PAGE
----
The novel, out of print for decades, raises serious questions about the possibilities for a truly cosmopolitan world, offering a dazzling picture of what this would look like. The historical appendices to this edition include extensive photographs and documents from the history of the Savoy Hotel (the model for the Grand Babylon) and material on the film version.
It was an amiable but deceitful afternoon in the third week of December. Snow fell heavily in the windows of confectioners' shops, and Father Christmas smiled in Keats's Bazaar the fawning smile of a myth who knows himself to be exploded; but beyond these and similar efforts to remedy the forgetfulness of a careless climate, there was no sign anywhere in the Five Towns, and especially in Bursley, of the immediate approach of the season of peace, goodwill, and gluttony on earth.
At the Tiger, next door to Keats's in the market-place, Mr. Josiah Topham Curtenty had put down his glass (the port was kept specially for him), and told his boon companion, Mr. Gordon, that he must be going. These two men had one powerful sentiment in common: they loved the same woman. Mr. Curtenty, aged twenty-six in heart, thirty-six in mind, and forty-six in looks, was fifty-six only in years. He was a rich man; he had made money as an earthenware manufacturer in the good old times before Satan was ingenious enough to invent German competition, American tariffs, and the price of coal; he was still making money with the aid of his son Harry, who now managed the works, but he never admitted that he was making it. No one has yet succeeded, and no one ever will succeed, in catching an earthenware manufacturer in the act of making money; he may confess with a sigh that he has performed the feat in the past, he may give utterance to a vague, preposterous hope that he will perform it again in the remote future, but as for surprising him in the very act, you would as easily surprise a hen laying an egg. Nowadays Mr. Curtenty, commercially secure, spent most of his energy in helping to shape and control the high destinies of the town. He was Deputy-Mayor, and Chairman of the General Purposes Committee of the Town Council; he was also a Guardian of the Poor, a Justice of the Peace, President of the Society for the Prosecution of Felons, a sidesman, an Oddfellow, and several other things that meant dining, shrewdness, and good-nature.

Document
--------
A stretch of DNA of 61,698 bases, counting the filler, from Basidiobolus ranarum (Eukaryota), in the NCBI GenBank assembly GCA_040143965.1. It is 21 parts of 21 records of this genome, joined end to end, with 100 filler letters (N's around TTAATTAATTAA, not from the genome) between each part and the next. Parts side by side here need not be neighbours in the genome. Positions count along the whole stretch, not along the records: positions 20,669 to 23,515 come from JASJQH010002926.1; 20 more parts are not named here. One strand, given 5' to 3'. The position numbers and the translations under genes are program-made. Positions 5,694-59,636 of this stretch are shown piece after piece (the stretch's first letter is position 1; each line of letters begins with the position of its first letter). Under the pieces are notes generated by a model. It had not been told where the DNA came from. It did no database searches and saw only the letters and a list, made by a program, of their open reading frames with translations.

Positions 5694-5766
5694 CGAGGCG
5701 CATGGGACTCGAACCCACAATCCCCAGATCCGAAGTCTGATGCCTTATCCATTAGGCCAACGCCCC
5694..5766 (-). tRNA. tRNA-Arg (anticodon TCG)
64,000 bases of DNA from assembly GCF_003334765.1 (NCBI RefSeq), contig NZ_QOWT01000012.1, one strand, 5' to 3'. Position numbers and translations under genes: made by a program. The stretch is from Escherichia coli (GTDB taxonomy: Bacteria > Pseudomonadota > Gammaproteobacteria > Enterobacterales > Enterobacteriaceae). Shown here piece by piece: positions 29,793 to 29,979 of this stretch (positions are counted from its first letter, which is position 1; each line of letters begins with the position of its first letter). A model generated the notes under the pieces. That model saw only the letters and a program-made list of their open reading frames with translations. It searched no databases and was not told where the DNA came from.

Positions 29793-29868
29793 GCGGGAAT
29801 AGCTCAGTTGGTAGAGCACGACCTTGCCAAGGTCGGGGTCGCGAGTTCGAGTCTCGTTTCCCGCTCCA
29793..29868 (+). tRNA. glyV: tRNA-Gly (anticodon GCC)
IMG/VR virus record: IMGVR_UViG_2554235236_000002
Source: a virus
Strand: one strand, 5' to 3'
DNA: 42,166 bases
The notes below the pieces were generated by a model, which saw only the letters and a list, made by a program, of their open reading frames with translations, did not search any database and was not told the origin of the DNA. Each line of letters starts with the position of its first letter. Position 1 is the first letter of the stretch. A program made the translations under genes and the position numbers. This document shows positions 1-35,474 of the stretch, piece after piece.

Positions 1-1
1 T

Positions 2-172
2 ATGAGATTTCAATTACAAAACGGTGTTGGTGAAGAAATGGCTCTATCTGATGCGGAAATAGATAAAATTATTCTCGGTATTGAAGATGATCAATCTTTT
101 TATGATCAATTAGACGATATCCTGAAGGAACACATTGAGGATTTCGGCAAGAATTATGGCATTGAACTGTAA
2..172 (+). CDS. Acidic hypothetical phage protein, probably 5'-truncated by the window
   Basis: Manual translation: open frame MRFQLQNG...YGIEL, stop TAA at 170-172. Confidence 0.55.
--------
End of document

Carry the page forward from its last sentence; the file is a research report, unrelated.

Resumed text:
You might find it hard to imagine that those stout ageing spinsters living quietly in small English towns ever led lives of passion or hardship, that they ever possessed beauty or romantic ideals. In The Old Wives' Tale, Arnold Bennett tells the story of two such old wives, sisters Constance and Sophia, from youth, through marriage, heartbreak, triumphs and disasters, to old age. In doing so, he reveals with careful compassion the intense inner lives that throb beneath every seemingly insignificant exterior.